The following transportation safety issue was previously on the NTSB’s Most Wanted List. As a result of the actions taken to implement the necessary life-saving safety recommendations…We are Safer.
In September 1996, a tankship carrying heating oil collided with a pier in Portland, Maine. Although the NTSB did not cite drug or alcohol use as a factor in the probable cause of the accident, the NTSB identified continuing problems in conducting postaccident alcohol and drug testing. The NTSB added this issue area to the Most Wanted List in 2002 citing the following concerns: (1) the potential effects of alcohol or drug abuse as a causal factor in major marine accidents frequently could not be ruled out because testing was often not done correctly or in a timely manner, (2) breath or blood samples, which are prescribed specimens for alcohol testing, were not always obtained, (3) and regulations for alcohol and drug testing were unclear.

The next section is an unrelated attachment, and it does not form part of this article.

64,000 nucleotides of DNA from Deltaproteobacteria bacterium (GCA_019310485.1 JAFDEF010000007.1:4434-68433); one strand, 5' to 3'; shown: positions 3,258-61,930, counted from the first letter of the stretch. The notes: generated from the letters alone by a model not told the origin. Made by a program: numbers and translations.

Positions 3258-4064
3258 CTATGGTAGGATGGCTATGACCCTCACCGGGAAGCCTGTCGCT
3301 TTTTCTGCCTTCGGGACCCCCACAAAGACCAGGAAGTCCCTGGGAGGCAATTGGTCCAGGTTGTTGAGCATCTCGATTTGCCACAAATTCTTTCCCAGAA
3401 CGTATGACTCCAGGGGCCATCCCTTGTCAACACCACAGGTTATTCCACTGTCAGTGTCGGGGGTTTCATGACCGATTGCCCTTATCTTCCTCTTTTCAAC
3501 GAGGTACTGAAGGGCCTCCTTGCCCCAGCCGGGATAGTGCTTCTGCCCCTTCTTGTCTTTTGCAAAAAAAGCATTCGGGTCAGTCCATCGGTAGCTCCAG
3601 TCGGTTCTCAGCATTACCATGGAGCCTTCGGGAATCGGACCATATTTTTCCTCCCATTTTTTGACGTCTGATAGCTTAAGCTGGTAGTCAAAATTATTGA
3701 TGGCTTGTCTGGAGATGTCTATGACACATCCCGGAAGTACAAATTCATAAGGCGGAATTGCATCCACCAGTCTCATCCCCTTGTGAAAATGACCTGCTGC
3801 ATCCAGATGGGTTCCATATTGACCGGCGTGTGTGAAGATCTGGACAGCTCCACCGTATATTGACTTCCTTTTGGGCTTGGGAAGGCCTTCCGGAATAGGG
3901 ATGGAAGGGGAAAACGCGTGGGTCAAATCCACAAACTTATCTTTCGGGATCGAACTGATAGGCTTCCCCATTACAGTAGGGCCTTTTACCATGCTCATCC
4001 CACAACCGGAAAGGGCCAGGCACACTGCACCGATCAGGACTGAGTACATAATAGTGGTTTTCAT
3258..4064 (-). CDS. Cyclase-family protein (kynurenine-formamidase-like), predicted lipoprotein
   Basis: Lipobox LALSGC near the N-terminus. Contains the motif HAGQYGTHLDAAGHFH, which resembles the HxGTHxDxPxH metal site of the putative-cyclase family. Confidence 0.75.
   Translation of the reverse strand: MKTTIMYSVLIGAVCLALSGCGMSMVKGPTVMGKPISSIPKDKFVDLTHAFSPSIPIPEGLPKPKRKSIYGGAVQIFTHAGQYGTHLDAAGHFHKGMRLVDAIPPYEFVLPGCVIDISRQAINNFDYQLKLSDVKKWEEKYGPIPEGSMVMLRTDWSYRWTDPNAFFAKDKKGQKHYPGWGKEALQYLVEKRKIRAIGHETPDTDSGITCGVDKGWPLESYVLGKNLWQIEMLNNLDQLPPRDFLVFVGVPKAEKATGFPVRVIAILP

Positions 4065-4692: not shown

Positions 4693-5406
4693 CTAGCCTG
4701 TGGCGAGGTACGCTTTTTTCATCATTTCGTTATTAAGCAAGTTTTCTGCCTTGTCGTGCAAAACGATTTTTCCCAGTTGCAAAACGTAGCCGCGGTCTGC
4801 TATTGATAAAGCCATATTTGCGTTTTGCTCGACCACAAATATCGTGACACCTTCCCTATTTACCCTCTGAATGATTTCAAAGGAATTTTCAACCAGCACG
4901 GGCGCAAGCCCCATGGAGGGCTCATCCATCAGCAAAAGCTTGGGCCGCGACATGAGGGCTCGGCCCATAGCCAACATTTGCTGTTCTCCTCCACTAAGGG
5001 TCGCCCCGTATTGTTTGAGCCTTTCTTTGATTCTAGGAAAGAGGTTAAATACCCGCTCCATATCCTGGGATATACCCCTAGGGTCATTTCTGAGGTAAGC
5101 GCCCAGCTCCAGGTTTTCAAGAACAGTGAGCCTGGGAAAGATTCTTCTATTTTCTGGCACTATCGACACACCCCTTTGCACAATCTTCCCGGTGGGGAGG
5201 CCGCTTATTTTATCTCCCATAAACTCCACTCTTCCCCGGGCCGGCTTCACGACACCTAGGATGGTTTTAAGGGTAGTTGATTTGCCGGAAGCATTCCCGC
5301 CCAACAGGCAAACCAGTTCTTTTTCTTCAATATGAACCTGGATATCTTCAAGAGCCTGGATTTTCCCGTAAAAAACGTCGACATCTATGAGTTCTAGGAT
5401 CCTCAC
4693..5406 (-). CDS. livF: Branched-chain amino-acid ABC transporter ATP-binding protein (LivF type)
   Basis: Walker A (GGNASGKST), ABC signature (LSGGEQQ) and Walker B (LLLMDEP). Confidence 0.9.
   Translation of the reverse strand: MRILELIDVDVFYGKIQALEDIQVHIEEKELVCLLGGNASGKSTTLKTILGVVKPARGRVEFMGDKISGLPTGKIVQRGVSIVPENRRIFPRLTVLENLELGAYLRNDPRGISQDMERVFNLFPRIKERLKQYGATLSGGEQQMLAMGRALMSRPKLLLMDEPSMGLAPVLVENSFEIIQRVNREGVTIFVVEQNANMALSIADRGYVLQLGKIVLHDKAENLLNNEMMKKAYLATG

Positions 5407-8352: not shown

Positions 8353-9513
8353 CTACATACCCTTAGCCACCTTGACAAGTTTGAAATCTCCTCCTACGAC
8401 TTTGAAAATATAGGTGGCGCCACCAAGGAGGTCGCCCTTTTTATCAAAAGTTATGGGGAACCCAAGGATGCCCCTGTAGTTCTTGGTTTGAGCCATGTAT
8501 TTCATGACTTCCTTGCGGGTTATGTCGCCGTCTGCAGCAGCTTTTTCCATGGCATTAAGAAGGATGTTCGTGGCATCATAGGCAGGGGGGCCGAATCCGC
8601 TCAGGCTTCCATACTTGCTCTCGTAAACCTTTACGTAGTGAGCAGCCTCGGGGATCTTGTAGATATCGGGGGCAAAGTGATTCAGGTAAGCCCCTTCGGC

In December 2005, the U.S. Coast Guard published its final rule, Marine Casualties and Investigations: Chemical Testing Following Serious Marine Incidents. Several critical changes improving marine safety were made. Regulations now specify that alcohol testing should occur more rapidly than drug testing, within 2 hours of a serious marine incident, and that Coast Guard personnel or local law enforcement can conduct the alcohol testing if there is concern that such testing will not be completed. These regulations also clarify that breath and blood specimens are for determining alcohol presence, and urine specimens are used for determining the presence of dangerous drugs.
Concern for testing on foreign commercial vessels traveling on U.S. navigable waters and U. S. oceangoing vessels was also addressed. These vessels are now required to have on board breath-testing devices capable of determining alcohol in a person’s systems as well as urine specimen collection and shipping kits. These vessels must also have a plan in place that addresses which crewmembers will conduct postaccident testing, what qualifications are appropriate for crewmembers who conduct testing, how the testing specimens will be handled, and what records are to be prepared.